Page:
Members of the Ghana-Cote d’Ivoire Rice Importers Association have registered their protest against the rise in the custom duty they pay for importing rice from Cote d’Ivoire.
According to members of the association, made up Ghanaian business people who import rice from Cote d’Ivoire, the over 100 per cent increase in customs duty had adversely affected their businesses as they could no longer import from Cote d’Ivoire, a situation that had also forced prices of rice to rise on the Ghanaian market.
They indicated that a bag of 25 kilos of Uncle Sam brand of rice, for instance, which sold at GH¢24, was now selling at GH¢54 and consequently appealed to the government to step in, since they believed some “unseen hands” were behind those developments.
At a news conference in Kumasi on Tuesday, attended by about 200 of the members to express their disgust at the development, the secretary of the association, Mr Mensah Bonsu, indicated that before the end of August, 2010, they were paying $10 for 25kg of rice as customs duty to the Government of Ghana.
However, he said the duty had been increased to $24 per 25kg of rice since September, 2010, a situation the association saw as disincentive to the growth of indigenous business.
A directive from the deputy commissioner in charge of operations of the Customs, Excise and Preventive Service (CEPS) to the regional commander of CEPS in Sunyani, dated September 9, 2010, cited by the Daily Graphic at the news conference, stated that “Management has noticed with concern the use of unacceptably low value ($0.13/kg or $0.29/kg) for the clearing of rice from Cote d’Ivoire.
“Through your collection you are hereby directed to apply F.O.B. value as follows in importation of rice: - $0.97/kg (all brands), 5 per cent F.O.B. (broken rice), $0.42/kg (all brands). The instructions take immediate effect.”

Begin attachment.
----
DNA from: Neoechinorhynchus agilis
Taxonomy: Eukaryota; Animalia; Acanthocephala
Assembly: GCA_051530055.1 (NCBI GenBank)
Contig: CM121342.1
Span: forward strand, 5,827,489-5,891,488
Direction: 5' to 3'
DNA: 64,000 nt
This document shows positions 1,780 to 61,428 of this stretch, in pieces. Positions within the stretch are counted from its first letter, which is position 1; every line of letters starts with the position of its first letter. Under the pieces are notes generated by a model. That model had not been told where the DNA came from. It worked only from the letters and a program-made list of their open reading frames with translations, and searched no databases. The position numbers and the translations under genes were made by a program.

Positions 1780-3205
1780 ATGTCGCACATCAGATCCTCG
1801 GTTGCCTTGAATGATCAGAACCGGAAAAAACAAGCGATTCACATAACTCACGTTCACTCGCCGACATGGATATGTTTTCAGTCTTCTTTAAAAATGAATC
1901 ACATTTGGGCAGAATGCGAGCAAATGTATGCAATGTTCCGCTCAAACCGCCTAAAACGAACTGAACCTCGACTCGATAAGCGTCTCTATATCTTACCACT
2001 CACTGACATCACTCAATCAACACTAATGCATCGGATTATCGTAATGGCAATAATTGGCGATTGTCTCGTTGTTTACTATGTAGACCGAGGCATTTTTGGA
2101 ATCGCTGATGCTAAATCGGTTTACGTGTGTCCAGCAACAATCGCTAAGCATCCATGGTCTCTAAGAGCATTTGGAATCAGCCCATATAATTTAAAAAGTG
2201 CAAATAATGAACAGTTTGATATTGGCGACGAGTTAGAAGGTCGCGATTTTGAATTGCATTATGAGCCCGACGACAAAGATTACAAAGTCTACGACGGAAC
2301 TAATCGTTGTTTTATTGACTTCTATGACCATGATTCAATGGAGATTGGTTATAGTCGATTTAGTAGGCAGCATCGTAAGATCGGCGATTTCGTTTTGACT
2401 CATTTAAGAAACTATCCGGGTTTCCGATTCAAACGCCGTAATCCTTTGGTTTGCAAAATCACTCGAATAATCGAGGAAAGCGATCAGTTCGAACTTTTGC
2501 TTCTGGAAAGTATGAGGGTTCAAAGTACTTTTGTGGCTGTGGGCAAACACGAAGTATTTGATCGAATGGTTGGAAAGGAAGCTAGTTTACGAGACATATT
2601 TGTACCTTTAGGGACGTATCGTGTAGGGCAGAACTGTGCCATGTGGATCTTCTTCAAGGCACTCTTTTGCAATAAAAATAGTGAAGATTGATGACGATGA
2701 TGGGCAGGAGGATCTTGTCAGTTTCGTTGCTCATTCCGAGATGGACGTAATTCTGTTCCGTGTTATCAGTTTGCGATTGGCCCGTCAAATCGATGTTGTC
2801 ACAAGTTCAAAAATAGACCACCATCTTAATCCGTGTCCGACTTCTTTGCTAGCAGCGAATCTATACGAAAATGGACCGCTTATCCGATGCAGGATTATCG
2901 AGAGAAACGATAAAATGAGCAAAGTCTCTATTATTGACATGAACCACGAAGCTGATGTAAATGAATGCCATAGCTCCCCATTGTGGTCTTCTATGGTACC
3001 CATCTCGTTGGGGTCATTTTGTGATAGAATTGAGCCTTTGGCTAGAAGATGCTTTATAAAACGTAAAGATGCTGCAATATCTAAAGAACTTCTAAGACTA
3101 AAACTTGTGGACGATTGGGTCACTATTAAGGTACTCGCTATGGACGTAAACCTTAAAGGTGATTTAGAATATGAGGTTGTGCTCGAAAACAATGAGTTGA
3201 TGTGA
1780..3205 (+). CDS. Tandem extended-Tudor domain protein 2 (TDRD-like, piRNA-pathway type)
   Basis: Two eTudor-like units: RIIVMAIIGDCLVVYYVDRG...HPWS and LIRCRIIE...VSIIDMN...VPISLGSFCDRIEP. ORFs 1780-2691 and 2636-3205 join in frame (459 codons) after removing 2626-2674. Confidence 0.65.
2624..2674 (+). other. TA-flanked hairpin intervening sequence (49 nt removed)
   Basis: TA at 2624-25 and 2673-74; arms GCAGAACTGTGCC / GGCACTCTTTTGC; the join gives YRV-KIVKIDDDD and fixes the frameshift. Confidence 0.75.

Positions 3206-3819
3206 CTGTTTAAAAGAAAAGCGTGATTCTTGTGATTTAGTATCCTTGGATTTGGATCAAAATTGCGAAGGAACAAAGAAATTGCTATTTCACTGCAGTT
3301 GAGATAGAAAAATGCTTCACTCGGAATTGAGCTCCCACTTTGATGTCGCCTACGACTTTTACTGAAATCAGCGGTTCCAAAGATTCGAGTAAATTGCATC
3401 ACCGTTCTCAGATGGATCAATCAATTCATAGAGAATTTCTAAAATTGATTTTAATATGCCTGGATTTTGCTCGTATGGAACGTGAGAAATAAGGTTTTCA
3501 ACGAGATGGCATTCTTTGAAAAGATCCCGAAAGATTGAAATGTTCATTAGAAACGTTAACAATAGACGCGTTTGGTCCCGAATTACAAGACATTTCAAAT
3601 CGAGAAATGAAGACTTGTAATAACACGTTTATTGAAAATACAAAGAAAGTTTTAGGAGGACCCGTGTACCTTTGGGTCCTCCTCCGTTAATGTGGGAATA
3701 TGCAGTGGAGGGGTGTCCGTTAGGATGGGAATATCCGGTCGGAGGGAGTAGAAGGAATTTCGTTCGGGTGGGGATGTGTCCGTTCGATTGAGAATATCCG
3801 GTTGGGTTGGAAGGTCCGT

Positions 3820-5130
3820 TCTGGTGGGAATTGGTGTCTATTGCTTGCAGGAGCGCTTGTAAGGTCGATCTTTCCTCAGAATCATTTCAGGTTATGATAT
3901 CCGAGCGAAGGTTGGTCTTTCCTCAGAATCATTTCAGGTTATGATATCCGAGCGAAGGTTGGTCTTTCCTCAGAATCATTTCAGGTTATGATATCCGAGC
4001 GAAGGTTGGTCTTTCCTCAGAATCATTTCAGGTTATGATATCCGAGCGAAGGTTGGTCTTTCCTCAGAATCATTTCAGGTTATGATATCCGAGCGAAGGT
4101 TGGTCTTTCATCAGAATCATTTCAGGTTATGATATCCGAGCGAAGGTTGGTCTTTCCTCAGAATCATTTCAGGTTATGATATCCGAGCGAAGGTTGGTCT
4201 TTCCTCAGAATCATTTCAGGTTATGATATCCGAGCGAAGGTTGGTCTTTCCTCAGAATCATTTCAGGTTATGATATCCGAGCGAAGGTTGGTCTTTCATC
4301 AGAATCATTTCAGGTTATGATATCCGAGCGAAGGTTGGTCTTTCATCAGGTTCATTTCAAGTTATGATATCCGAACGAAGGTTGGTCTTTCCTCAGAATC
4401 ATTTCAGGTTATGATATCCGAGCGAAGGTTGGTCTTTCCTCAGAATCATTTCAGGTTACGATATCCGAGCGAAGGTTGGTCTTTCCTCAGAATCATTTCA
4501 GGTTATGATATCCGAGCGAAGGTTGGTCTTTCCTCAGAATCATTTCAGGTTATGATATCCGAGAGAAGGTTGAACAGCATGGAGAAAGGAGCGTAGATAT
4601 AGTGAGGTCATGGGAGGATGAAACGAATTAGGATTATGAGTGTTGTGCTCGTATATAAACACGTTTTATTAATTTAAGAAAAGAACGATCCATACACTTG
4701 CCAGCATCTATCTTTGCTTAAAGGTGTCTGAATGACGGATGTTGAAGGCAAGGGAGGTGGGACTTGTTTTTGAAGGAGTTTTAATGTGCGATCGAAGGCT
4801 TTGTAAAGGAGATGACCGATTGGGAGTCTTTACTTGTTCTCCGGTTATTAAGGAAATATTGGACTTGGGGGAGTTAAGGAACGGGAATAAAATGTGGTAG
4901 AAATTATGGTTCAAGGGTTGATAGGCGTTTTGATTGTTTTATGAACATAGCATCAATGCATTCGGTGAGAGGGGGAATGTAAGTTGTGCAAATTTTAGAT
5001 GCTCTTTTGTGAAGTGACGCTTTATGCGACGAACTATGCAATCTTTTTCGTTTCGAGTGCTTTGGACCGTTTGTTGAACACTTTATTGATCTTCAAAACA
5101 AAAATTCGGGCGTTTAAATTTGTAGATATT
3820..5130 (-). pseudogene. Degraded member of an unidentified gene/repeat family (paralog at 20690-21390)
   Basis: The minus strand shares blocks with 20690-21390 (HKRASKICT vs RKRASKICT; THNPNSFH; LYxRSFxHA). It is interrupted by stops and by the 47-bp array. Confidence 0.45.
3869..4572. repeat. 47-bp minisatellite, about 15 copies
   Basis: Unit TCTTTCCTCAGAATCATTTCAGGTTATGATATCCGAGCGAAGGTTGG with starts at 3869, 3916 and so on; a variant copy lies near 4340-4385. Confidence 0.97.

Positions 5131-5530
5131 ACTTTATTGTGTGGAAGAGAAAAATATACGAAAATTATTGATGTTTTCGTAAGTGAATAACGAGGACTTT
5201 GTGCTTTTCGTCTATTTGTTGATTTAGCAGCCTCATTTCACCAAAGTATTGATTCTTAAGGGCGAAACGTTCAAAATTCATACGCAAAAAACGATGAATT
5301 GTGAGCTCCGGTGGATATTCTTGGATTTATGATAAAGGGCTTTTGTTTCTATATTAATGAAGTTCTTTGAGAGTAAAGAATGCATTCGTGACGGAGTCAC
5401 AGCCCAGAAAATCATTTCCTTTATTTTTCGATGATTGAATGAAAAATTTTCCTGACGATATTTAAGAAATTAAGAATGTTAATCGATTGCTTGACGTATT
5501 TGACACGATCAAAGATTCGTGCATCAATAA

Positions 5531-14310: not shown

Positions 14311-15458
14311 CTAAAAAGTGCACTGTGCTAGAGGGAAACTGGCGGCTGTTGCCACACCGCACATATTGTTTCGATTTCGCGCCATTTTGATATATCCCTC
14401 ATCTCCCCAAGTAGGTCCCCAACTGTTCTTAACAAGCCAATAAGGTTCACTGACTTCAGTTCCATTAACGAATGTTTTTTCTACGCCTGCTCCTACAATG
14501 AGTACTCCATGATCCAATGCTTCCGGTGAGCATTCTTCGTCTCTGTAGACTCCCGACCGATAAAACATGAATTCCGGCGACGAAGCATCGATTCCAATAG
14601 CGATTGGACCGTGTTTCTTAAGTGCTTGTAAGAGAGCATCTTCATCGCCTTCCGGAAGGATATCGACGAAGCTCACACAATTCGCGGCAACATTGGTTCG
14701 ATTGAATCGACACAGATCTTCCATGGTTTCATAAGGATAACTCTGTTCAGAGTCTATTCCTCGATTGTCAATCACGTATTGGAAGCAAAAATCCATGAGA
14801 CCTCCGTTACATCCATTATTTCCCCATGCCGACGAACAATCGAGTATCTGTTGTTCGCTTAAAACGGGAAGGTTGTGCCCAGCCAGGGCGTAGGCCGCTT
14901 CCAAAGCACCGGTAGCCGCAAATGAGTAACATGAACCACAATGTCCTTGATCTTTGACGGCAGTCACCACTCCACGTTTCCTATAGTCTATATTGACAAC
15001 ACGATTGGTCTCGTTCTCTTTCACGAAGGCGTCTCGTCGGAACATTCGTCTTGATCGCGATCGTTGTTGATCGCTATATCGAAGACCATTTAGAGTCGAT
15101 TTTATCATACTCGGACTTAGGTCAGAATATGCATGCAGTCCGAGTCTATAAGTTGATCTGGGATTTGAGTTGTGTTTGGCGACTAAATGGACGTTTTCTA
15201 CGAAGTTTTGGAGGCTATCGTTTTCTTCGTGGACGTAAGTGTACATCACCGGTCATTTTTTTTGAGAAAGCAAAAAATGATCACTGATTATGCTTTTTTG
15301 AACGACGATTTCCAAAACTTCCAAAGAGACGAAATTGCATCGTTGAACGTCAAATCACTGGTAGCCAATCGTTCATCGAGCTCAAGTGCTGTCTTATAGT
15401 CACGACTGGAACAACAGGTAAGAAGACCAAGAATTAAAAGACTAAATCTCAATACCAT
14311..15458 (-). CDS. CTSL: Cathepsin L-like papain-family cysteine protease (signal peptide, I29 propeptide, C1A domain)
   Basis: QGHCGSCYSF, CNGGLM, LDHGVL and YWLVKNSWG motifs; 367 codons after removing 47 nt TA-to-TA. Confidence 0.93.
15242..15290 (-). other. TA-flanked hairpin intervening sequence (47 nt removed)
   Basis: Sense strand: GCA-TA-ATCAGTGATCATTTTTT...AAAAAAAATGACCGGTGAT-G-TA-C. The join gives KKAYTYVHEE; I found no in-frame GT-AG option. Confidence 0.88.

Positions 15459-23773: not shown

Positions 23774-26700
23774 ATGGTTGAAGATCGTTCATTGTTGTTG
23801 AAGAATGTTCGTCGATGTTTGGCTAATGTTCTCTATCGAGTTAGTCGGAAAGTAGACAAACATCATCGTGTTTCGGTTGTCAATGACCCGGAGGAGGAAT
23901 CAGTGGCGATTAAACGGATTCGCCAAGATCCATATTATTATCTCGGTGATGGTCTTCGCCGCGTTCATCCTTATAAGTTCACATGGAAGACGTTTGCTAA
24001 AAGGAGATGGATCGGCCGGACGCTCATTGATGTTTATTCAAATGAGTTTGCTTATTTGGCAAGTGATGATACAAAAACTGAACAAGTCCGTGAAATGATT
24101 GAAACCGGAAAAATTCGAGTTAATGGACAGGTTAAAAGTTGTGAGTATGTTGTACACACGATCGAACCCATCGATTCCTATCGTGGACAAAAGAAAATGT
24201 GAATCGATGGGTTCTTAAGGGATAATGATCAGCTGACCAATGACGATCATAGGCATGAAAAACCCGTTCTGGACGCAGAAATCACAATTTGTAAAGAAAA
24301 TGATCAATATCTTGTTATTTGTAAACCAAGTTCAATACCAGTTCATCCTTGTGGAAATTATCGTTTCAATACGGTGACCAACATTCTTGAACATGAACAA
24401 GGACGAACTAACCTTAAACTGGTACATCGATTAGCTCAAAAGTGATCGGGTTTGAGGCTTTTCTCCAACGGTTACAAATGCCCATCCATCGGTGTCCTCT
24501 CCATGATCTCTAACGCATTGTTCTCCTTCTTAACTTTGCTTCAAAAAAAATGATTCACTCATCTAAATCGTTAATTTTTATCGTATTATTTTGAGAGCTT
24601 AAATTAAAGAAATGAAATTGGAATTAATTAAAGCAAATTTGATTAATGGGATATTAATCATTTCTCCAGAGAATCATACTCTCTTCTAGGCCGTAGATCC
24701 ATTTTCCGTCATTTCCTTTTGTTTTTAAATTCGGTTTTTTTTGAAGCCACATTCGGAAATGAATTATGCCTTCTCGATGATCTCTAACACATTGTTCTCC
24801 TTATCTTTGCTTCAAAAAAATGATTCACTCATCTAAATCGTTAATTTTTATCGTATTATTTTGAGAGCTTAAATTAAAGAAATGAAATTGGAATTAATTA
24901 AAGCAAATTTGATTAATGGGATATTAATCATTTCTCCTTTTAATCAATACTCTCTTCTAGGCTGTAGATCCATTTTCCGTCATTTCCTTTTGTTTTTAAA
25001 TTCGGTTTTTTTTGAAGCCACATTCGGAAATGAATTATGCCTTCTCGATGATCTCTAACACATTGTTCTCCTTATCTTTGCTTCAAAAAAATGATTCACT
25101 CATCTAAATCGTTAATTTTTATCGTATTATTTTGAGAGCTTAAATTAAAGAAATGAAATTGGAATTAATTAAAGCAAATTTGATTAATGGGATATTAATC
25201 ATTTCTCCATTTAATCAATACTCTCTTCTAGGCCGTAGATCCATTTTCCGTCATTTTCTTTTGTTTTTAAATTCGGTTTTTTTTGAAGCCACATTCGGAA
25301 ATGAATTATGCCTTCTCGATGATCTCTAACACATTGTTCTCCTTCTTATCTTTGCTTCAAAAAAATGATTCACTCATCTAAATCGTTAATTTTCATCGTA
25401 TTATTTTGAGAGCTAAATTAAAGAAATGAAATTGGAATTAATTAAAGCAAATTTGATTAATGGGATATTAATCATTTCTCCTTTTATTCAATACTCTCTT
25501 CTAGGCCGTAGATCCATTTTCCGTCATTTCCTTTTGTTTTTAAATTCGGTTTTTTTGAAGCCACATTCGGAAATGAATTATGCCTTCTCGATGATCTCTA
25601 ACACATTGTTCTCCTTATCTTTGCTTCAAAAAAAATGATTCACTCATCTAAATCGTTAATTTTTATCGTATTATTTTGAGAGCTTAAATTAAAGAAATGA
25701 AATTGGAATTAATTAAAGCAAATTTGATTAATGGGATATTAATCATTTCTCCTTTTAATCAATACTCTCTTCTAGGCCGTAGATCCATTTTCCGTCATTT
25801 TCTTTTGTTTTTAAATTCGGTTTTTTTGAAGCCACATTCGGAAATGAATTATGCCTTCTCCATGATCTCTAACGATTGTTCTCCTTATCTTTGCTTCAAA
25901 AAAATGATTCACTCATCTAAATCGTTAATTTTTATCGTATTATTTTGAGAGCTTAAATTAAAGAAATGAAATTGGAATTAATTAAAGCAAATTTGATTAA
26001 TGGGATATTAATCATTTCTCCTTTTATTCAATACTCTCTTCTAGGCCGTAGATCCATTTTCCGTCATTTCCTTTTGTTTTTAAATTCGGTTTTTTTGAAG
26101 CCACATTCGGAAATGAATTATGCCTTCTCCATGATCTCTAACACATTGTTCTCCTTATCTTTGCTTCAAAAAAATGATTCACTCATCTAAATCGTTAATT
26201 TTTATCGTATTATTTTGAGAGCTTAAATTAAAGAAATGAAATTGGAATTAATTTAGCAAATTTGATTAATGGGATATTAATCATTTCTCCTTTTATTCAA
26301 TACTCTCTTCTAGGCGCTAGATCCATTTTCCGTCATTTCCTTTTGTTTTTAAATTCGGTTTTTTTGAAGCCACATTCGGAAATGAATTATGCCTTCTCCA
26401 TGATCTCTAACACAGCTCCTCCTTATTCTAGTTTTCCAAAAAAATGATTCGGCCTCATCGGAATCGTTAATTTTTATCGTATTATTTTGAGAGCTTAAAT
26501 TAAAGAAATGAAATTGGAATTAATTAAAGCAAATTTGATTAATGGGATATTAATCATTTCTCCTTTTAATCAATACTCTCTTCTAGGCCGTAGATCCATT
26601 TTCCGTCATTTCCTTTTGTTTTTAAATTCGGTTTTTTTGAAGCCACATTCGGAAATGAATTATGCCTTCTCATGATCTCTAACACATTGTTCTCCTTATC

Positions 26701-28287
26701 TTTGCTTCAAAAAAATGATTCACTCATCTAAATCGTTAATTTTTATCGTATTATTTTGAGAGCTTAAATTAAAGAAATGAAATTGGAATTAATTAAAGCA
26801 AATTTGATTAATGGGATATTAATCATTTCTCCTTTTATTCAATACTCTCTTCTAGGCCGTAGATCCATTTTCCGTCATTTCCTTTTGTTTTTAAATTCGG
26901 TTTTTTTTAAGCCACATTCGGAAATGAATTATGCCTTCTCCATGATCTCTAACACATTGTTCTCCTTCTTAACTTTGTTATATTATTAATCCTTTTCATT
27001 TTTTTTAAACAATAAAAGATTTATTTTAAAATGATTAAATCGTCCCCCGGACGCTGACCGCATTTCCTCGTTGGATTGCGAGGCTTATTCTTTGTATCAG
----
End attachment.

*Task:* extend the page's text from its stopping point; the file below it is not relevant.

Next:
Mr Bonsu told the news conference that with the astronomical increase in customs duties, “we anticipate that the price per 25 kilos bag of rice is likely to be sold at GH¢75 or more, a situation which is likely to impact adversely on the consuming public.”
He also said the association had noticed that foreigners in Ghana who were into the importation of rice brought large consignments of rice which they kept in bonded warehouses.
“Unlike those of us who import from Ivory Coast, these foreigners are allowed to sell their rice before they pay the customs duty.
“What we have observed is that the foreigners evade customs duty because in most cases they come up with excuses that their bags of rice in the bonded warehouses have gone bad and as such are not made to pay customs duty on those rice,” he said.
Meanwhile, he noted, those bags of rice which were declared to have gone bad always find their way onto the market.
The situation, he noted, affected the local small and medium-scale importers of rice as they resulted in huge financial losses, as competition from the foreigners was unfair.
“We believe that a big foreign rice importing company is behind the CEPS directive with the sole aim of monopolising the rice importation business in the country.
The association, therefore, appealed to the government to take a look at the development to ensure that the right thing was done to save their businesses.